Irony In Minerva Jones

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In the poem “Minerva Jones,” written by Edgar Lee Masters, the main character, Minerva Jones, suffered many hardships throughout her life. Based on the poem, I learned that Jones was the town’s poetess, was overweight, had a cockeye, and walked with a limp. In addition to this, she was raped and died when getting an illegal abortion. In the poem, she shares two important relationships with “Butch” Weldy and Dr. Meyers. The actions that Weldy took would later have a domino effect on Jones’ life. Weldy was her rapist and impregnated Jones. Because of this, Dr. Meyers was later responsible for aborting the fetus, and ultimately Jones’ death. In a small-town, women were expected to settle down, have a family, and obey their husbands. Events as described in the poem were a taboo during the early 1900s. For instance, abortion was illegal in this poem. When the story got out that Jones had gotten an abortion, it caused a whole scandal in the town, which would in turn affect many people. Furthermore, small-town American culture did not experience such…show more content…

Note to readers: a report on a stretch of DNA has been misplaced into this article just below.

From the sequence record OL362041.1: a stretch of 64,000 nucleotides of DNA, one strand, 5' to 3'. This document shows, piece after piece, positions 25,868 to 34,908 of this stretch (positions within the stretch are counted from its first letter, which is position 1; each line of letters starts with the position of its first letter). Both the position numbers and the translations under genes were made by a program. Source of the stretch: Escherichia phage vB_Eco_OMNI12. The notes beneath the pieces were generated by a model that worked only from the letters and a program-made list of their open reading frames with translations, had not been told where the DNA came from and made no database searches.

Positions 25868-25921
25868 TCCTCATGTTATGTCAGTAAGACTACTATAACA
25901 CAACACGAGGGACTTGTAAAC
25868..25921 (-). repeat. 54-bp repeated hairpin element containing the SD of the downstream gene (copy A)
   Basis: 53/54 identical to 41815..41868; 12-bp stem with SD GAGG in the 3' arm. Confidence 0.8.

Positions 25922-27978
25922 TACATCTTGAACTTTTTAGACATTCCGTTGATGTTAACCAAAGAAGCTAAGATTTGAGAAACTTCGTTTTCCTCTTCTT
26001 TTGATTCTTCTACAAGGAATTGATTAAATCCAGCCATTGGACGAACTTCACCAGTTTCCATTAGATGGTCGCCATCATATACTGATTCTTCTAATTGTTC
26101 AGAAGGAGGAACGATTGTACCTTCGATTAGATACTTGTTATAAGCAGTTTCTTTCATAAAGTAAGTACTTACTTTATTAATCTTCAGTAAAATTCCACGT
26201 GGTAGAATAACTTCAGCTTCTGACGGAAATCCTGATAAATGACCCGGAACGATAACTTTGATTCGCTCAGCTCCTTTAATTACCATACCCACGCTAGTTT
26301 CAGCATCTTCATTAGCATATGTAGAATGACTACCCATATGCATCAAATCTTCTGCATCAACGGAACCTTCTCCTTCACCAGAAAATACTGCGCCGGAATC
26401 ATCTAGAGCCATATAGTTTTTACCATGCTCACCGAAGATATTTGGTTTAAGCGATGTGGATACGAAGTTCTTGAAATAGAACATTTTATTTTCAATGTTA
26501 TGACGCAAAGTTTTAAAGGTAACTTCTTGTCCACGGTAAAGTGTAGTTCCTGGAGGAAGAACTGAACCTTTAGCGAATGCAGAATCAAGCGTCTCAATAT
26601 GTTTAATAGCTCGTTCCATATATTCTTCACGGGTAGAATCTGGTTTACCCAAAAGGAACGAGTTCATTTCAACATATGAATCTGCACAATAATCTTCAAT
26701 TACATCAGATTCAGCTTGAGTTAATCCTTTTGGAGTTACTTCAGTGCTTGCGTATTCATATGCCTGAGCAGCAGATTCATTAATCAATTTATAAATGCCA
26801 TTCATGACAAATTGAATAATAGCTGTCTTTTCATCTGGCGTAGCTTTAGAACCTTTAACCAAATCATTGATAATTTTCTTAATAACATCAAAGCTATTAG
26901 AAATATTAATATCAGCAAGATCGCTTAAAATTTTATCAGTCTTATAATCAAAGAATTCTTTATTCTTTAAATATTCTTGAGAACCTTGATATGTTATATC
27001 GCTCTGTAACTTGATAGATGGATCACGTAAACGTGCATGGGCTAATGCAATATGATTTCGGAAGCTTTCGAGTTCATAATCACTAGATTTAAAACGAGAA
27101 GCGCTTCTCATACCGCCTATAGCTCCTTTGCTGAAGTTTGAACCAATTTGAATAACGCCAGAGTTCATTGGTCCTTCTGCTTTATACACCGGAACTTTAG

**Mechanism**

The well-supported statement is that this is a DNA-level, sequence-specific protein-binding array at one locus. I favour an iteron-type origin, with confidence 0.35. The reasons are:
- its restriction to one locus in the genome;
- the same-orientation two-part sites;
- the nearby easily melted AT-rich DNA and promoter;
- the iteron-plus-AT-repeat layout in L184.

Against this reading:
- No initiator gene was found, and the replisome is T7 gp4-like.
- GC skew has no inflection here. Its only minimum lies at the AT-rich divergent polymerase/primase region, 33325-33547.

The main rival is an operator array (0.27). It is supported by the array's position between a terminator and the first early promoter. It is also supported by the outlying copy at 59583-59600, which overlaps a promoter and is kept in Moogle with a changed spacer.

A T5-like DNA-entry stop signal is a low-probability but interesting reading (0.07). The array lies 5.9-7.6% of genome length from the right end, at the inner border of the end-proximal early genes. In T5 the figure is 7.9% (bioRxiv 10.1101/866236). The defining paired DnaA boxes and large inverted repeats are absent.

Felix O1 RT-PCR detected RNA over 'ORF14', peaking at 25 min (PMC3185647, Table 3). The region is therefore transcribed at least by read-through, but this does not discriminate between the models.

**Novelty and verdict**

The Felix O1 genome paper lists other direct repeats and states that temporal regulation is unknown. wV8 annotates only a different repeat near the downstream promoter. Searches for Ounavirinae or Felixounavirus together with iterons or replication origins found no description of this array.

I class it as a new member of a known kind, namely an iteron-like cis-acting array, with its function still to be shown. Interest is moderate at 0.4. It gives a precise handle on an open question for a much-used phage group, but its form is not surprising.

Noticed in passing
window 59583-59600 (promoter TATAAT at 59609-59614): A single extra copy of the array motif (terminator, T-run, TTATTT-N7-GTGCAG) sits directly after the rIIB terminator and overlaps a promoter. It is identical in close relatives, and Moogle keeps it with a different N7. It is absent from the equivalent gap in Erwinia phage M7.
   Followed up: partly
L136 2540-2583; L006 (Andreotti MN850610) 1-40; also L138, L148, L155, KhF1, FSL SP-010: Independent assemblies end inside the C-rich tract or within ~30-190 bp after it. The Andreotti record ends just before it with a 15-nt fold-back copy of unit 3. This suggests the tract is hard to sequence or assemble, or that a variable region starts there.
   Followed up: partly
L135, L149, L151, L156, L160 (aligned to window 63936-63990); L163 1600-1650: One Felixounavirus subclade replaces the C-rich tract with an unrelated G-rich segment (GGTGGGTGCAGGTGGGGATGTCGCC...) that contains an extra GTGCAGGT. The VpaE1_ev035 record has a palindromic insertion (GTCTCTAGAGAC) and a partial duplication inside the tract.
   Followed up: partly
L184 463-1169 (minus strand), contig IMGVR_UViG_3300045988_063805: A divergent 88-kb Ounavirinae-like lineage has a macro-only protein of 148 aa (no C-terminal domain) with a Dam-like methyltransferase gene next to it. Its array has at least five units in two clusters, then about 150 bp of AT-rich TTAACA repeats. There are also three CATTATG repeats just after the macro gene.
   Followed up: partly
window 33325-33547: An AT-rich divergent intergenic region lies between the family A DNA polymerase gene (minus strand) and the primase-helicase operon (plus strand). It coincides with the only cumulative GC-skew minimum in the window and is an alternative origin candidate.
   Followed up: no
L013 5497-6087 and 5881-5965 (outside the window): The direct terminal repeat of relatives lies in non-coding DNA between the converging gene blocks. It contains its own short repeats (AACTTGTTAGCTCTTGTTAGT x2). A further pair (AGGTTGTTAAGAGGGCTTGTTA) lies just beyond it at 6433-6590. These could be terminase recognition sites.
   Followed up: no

Church,” written by Edgar Lee Masters, the speaker was an attorney for a big-city insurance company who controlled whether a person was guilty or not. He would use this to his advantage quite often. Because he had all this control in the justice system, he became very successful as an attorney and was even praised after death. In the poem, he refers to Butch Weldy as “the crippled,” considering he was in a horrific accident at the factory he worked at. However, Weldy did not see any type of compensation for this accident, for this was the way Church would make his fortune. The lawyer died a bad man, knowing that his corruption would affect people’s lives for the worst. But this didn’t matter to him, he only cared for his financial stability. The horrible decisions made by Church would ultimately lead him to suffer in his grave. His morals changed once it was too late to fix the problems he had
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